The Anatomy of a Resume

Adapt yourself to your resume. Follow these resume content guidelines by Arizona State University's Career Services web page.

Contact information
  • Include complete contact information with phone, email address, and mailing address.
  • May require two addresses: permanent and local may be advantageous if applying/relocating in that geographic area.
  • Minimize number of email/ telephone contacts; use professionally appropriate email addresses, and announcements on phone message service.
  • Work authorization means “green card” or ability to legally work in the US; international students are generally in the US on an F-1 or J-1 visa, which allows you to complete 12 months of practical training.
  • If you think an employer might assume you do not have US citizenship or work authorization, you may include it under the heading “Work Authorization” or under your name:

    Odusis Moshibaba
    US Citizen

    Odusis Moshibaba
    US Work Authorization

  • Objectives include either a clearly defined interest, position, industry, organization in which you want to work, or focuses on a functional area (e.g. marketing-related, promotions, or management).
  • Objectives may include skills, experience, qualities directly related to the position.
  • Focus on what you have to offer to the position rather than describing what you want from the position.
  • Objectives work best for new graduates.
  • Include either a summary or an objective. Summaries are generally used when you have a depth and breadth of work experiences. A summary includes 3-5 bulleted statements of key qualifications.
  • Only use a summary to demonstrate concrete skills/experience and accomplishments as they relate to the position.
  • Do not simply list personal skills and/or qualities.
  • If the experience/skills warrant it, many employers prefer a summary.
  • Spell out degree (as stated or will be on diploma) and major, followed by graduation month and year.
  • Minor, areas of concentration, and certificates may be included.
  • May specify college/school with name of university spelled out.
  • GPA is usually recommended; may use overall/cumulative, major, ASU GPA or GPA from last 3 – 4 semesters as long as it is so noted.
Relevant courses
  • If needed, provide information that may clarify course content or skills gained.
  • May be used to demonstrate teamwork, self-management skills, academic and/or athletic performance.
  • Focus on task/function, actions, process, resources used and results.
  • Include projects that are relevant to career field/industry and that communicate knowledge, teamwork, presentation, or other skills.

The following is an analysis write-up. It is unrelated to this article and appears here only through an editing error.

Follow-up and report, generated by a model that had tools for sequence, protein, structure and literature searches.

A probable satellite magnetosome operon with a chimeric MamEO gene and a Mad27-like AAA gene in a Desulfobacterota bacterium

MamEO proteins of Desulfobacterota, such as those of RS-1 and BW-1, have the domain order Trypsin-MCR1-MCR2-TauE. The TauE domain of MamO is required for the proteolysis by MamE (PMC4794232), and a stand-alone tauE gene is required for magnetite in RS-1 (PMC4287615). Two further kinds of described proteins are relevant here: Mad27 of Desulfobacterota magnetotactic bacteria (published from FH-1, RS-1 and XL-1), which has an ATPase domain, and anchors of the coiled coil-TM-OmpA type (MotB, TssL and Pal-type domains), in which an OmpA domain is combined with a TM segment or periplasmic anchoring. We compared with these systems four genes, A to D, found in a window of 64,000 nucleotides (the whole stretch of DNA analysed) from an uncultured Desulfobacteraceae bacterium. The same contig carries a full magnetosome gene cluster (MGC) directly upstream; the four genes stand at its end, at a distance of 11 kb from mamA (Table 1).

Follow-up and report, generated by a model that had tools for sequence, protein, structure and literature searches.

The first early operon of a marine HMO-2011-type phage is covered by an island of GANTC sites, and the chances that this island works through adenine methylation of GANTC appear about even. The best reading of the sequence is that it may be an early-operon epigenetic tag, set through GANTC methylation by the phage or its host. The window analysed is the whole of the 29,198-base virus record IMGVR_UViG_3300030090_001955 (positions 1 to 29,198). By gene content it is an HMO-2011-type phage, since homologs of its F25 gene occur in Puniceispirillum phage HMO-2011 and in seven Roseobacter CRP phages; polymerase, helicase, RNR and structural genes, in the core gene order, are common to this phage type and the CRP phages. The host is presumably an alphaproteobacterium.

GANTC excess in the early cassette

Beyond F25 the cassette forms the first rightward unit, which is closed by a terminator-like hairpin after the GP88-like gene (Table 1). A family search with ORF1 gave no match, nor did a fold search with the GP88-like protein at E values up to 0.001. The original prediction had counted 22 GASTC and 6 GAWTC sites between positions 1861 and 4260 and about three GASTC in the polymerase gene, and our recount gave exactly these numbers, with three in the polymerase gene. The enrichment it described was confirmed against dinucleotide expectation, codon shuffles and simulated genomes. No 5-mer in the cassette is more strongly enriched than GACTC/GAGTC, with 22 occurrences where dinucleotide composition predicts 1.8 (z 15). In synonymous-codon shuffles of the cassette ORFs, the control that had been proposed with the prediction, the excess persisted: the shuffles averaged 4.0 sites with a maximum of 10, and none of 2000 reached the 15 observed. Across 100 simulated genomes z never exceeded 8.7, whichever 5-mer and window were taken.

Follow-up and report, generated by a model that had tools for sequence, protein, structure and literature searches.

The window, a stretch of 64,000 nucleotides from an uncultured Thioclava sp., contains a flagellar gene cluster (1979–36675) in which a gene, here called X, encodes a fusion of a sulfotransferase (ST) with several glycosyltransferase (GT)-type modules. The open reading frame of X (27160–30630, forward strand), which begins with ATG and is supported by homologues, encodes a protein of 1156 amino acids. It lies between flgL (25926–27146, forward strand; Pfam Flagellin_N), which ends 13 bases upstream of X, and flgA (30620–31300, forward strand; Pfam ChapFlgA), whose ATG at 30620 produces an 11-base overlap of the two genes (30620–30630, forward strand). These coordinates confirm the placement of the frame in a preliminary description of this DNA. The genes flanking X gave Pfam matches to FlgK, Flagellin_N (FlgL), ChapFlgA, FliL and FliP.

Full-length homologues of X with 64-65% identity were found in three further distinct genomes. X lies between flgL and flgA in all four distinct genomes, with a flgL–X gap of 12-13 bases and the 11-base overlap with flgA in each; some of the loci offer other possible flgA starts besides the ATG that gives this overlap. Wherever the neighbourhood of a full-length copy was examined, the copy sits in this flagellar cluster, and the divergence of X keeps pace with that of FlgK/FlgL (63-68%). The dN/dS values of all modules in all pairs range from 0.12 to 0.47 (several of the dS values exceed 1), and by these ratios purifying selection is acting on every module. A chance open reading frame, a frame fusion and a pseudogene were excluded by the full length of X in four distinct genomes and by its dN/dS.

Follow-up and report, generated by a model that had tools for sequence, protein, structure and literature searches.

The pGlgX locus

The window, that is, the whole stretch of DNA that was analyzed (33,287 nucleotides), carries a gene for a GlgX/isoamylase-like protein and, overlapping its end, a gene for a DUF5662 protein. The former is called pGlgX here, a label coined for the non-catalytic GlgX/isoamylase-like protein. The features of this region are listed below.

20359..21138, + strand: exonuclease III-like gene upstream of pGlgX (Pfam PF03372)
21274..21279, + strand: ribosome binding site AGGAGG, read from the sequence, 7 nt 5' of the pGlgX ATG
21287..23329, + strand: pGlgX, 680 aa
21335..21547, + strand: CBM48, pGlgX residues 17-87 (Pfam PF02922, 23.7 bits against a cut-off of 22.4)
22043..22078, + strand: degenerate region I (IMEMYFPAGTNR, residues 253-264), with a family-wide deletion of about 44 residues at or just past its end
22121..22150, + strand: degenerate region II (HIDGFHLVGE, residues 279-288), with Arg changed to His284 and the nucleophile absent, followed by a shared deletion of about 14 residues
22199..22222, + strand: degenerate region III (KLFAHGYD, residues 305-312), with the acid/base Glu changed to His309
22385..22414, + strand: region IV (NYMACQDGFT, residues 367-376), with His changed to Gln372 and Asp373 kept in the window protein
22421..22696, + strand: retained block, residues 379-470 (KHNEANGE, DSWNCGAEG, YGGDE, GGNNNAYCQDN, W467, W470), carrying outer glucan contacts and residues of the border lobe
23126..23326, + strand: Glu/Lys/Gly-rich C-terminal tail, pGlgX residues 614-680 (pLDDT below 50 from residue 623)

• Use key words/language of the industry.
  • Define your role on team projects, and the specific tools/applications used.
Study abroad
  • Illustrate experiences that expanded your worldview; identify skills you developed and enhanced.
Activities/volunteer/community service
  • Demonstrate skills and accomplishments gained through your involvement and experiences.
  • May include sorority/fraternity, clubs, organizations, athletics, charity, and community service.
  • Be selective in the number and type of awards and scholarships.
  • May also be included within the context they were awarded, e. g. education and work.
  • Include name and for what you received it.
  • Internships may be included within experience or you may create a separate section for them and set them up the same as experience.
  • Begin with the most recent position, followed by previous positions.
  • Include job title/position, company/organization name, city, state, and dates that include only the month and year.
  • Provide enough information regarding what you did, emphasizing relevant skills and accomplishments.
  • Start each statement with an action word/verb that is a skill.
  • Use relevant tenses for present and past.
  • Quantify accomplishments to demonstrate results and complexity of tasks you performed.
  • If more than one position was held for an organization, place the name of the organization followed by City, State and inclusive dates for the time. Second line is for the position held and the dates for that position. When finished with the skills for that position, put in the next position with the dates.
Mission (and additional types of) experience
  • Focus on skills, accomplishments, multicultural, and other rich experiences that make you unique.
  • Make decisions about what best qualifies you for the position, and stay focused on the information that will help communicate your ability to do the job.
  • Skill sections may include Languages, Computer Skills, Laboratory Skills and others that are relevant to your career field.
  • List the relevant skills under the headings; keep it simple.
  • CPR, First Aid, and other certifications may be included under a certification section if relevant to the position.
  • Communicate the level of your language skills.
On-line resumes
  • Check privacy policy to prevent your information from being disclosed to anyone other than the companies you select.
  • Avoid sites that charge you a fee.
  • Include key words in the content.
  • May also include key words in a summary at the top of the resume.
  • Use a plain text version so it can be read by most users.
  • Create a resume that will look good electronically.
  • Refresh your resume once a week.
  • Remove your resume when you accept an offer.

1 comment:

Sabreena said...

This is very helpful for those building resumes. I would say that sometimes less is more, and to definitely fine tune resumes to the jobs you're applying for. Also, a simple design layout is a good way to stand out from the sea of Word documents with 12 pt Times New Roman type.

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